Friday, August 24, 2012

Hug Me?

Lately I've been looking at cacti wondering about how easy/difficult they might be to grow. I've been buying seed trays and hunting down easy succulents to get my little hobby going, but there just wasn't enough danger. Where is the thrill in handling Echeveria paragynese or growing Kalanchoe "Mother of Thousands"? Sure, they're a bit prolific, but there's no excitement or thrill. And then I thought, well, why not cacti?

Rebutia seems so be a good genus for fast growing cacti. They're all pretty small, stay in a cute, globular form, and lots of them clump! Even better, they're known for producing plenty of seed.

Rebutia narvaecensis

Rebutia narvaecensis is one of my favorites that I've seen, mainly because I love light pink cactus flowers. I'm not very girly usually, but this color really gets me sometimes. Anyway though! DG puts it at Zones 9b - 11, full sun to light shade, and CAUTION... it might be kind of pointy. Almost reminds me of the warning label on watermelon I saw recently: "Caution, may contain the occasional seed." 

Rebutia heliosa 'Sunrise'

This Rebutia means business. Looks like it would be fantastic for people who want a prolific cactus. I can only imagine what separating the pups would be like though... Same stats as Rebutia narvaecensis which is part of what makes this genus an awesome (and frequently sold) houseplant. It can take light shade and be okay! Of course, not all Rebutia sp. are the same since the genus is a mish-mash of other, obsolete genera which you can learn more about here.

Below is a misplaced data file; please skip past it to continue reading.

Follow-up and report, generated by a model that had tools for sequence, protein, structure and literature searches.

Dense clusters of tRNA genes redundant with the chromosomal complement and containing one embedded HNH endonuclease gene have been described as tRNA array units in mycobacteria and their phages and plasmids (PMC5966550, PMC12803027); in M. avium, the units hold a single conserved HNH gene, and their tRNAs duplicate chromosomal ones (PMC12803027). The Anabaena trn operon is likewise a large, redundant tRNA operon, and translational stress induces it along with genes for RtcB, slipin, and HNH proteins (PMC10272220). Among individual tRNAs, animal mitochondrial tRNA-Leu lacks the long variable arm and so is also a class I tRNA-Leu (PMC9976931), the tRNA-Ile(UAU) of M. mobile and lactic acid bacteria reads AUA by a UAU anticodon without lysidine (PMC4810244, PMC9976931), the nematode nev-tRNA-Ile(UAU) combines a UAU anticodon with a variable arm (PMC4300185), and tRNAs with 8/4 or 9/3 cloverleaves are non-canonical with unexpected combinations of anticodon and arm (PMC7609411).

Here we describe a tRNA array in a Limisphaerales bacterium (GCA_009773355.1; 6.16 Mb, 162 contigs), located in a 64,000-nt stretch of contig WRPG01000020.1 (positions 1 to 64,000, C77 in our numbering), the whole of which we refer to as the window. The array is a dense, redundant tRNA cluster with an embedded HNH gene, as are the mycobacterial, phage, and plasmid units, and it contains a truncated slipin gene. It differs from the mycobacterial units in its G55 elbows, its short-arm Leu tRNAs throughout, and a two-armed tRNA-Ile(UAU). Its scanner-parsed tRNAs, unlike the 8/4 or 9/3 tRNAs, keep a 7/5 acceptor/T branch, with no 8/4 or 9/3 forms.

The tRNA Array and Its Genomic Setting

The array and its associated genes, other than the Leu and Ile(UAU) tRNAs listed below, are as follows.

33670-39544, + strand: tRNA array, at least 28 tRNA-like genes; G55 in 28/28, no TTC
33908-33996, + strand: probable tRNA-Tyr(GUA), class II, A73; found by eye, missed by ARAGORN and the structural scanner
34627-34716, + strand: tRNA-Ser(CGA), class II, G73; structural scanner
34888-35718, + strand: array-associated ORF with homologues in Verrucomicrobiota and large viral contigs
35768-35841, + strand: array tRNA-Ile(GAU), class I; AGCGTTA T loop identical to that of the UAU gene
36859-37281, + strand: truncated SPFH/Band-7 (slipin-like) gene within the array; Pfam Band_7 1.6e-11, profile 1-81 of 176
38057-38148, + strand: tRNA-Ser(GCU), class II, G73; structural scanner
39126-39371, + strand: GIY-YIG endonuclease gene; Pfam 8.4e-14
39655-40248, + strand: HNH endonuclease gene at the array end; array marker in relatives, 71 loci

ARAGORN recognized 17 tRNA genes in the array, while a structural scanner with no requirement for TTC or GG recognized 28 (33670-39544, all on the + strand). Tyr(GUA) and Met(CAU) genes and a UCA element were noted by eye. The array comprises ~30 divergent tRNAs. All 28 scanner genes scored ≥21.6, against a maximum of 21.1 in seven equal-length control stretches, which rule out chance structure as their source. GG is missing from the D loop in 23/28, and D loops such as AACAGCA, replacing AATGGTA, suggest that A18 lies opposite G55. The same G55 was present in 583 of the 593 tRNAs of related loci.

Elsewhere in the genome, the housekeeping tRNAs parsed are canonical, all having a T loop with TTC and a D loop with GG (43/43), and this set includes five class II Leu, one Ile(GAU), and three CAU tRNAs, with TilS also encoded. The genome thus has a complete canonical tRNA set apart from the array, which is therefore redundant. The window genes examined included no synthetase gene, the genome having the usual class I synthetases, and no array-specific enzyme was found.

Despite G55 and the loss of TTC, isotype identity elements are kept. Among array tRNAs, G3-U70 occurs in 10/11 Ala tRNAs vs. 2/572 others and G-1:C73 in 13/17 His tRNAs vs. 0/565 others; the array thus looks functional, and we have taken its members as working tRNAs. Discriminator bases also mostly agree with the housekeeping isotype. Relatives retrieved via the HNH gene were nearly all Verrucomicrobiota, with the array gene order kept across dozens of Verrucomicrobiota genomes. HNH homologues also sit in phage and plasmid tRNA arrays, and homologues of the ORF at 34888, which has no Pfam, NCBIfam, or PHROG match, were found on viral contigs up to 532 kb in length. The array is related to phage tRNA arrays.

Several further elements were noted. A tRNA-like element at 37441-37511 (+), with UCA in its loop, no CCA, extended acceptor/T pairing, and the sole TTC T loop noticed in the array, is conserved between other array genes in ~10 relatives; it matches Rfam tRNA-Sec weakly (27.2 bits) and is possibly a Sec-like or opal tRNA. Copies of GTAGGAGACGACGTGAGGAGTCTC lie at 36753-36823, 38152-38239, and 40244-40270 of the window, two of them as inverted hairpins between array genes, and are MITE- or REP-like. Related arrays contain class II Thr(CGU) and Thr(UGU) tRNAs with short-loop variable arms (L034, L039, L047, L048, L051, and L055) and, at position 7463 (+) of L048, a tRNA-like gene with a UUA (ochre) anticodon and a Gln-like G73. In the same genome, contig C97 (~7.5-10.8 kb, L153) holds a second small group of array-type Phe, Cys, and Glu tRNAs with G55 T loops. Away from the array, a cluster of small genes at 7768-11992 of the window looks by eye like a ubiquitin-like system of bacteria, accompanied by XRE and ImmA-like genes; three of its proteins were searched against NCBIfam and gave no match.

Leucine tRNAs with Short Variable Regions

Cylindropuntia bigelovii or the Teddy Bear Cholla

There comes a point where plants can become a bit infamous for how well they spread, and the Teddy Bear Cholla is definitely one of them. If an animal or person happens to brush up against this Cholla, even just barely, a segment will break off and stick to them. Even just stepping on the ground beside one will cause them to drop down from above. What's the worst part? The spines are barbed, making your best option to clip of the spines and use pliers to pull them out later. As a result, Teddy Bear Cholla spread into forests pretty easily. They can be anywhere from 1'-5' tall and sometimes desert rodents will grab bits of the plant and put it outside of their dens to protect them. DG puts this cactus at Zones 8b - 11 which makes sense, as it lives in California, Arizona, Nevada, and a bit of Mexico. 

I've always joked about throwing cactus bits at people who I don't like. I take it back... here are some videos that describe Teddy Bear better than I can possibly hope to.

And with these, I'm stopping here. I would post more but... I think I've lost my appetite for cacti for today. Ouch!!

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